This 3D-printed house is entirely recyclable


By AGENCY

The entire floor, wall and roof of this 55sq m house has been 3D printed from sustainably sourced wood fibres and bio-resins. Photo: AFP

Researchers at the University of Maine in the United States have succeeded in creating the first 3D-printed house made entirely of bio-based materials, derived from renewable organic matter.

Usually, 3D-printed buildings are mainly made from concrete or clay, but the BioHome3D breaks the mould.The final house actually comprises four modules built separately and then assembled in just a few hours.

Unveiled by the University of Maine, this prototype was put together using one of the world's largest 3D printers, which was, incidentally, used to "print" a boat in 2019.

The entire floor, wall and roof of this 55sq m house has been 3D printed from sustainably sourced wood fibres and bio-resins. Therefore, the entire house can be considered to be recyclable.

The printing process has contributed to a significant reduction in the amount of waste. In addition, the wood fibre used captures carbon throughout the tree's growth cycle.

As such, the BioHome3D can be considered as a storage unit for this carbon during all its life and even after it is recycled.

The ambition of those who built the BioHome3D is to offer a serious and credible alternative that's robust and quick to assemble, in order to address the housing shortage in the United States.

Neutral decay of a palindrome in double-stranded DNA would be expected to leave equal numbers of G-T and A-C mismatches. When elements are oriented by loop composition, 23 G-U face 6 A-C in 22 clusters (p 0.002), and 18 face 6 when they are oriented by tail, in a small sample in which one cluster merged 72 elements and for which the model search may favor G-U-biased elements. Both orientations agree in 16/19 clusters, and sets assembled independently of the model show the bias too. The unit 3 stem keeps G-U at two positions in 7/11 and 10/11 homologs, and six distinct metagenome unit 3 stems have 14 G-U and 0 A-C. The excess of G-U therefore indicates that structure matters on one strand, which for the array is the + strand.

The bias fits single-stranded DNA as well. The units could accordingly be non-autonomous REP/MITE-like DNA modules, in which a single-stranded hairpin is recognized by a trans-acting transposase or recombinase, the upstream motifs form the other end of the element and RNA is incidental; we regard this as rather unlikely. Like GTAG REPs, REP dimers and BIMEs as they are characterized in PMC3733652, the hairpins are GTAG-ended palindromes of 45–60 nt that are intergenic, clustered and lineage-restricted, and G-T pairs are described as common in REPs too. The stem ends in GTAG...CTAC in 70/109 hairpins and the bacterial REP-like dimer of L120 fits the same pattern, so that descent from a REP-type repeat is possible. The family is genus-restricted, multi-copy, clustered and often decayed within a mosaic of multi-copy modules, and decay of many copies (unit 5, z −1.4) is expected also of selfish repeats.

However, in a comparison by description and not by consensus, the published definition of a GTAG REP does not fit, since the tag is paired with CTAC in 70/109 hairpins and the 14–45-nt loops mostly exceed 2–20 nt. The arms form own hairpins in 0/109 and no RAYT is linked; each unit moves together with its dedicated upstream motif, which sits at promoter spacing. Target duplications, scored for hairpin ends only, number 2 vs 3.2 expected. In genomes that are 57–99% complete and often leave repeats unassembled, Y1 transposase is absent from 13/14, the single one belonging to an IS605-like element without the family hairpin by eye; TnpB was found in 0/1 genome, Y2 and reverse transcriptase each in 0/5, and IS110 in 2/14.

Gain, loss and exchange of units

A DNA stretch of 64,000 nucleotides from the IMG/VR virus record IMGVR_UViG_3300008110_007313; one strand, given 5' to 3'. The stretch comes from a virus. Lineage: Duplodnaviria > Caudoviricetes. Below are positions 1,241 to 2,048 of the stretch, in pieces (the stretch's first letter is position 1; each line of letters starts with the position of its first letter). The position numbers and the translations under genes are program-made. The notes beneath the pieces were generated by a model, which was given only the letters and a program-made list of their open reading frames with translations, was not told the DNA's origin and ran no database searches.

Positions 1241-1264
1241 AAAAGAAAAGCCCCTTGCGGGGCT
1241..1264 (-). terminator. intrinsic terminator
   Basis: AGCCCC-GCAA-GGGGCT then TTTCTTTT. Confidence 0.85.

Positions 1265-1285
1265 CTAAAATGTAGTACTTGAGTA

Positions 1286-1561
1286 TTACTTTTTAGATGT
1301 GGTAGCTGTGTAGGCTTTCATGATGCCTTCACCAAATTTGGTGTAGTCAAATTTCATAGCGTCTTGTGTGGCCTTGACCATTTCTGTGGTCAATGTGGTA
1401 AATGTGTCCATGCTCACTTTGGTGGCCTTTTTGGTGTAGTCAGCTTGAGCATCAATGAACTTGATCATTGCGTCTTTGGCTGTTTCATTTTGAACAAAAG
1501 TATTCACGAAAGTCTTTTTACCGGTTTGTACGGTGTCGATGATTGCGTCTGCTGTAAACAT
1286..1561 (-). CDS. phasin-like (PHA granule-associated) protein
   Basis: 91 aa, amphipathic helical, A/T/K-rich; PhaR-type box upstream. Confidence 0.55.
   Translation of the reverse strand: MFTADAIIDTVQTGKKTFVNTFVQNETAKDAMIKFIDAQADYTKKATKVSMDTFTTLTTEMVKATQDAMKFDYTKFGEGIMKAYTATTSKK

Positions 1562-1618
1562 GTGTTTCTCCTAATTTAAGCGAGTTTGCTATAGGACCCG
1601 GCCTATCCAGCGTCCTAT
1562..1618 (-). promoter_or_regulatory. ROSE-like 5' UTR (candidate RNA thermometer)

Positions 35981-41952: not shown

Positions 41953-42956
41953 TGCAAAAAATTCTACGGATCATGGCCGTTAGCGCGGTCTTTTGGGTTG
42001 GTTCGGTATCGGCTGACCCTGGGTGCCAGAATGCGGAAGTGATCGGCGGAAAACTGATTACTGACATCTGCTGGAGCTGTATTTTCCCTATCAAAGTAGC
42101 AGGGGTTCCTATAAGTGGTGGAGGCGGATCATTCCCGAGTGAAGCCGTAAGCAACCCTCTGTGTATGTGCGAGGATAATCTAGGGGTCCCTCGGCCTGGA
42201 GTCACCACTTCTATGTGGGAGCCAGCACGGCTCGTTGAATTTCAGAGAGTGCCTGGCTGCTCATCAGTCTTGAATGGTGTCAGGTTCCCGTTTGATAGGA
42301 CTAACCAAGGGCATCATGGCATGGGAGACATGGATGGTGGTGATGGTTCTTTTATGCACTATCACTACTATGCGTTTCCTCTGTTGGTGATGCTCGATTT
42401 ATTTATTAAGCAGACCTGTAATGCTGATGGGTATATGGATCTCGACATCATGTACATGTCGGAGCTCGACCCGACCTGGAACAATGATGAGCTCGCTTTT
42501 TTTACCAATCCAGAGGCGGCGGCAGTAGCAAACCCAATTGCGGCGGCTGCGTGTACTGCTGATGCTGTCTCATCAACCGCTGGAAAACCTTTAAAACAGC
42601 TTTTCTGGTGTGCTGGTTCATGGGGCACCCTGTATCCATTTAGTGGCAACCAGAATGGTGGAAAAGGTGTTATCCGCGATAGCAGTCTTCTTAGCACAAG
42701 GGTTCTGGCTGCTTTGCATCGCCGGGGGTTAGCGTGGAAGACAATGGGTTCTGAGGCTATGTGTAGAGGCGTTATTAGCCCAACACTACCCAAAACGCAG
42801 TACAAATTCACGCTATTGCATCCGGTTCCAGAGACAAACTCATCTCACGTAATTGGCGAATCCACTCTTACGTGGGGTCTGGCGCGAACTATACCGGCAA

This is being driven by the dual challenge of labour shortages and price rises for raw materials. But here, for example, the use of locally sourced, renewable raw material reduces dependence on a limited supply chain.

Not only are these materials recyclable, but they may also be stronger than the wood traditionally used in home construction.

In order to monitor how the construction will react to winter weather conditions, it has been equipped with numerous sensors. The data collected will help improve future prototypes.

The goal is to one day be able to build many low-cost homes for people with modest incomes, while adapting to the owner's preferences for space, energy efficiency and aesthetics. – AFP Relaxnews

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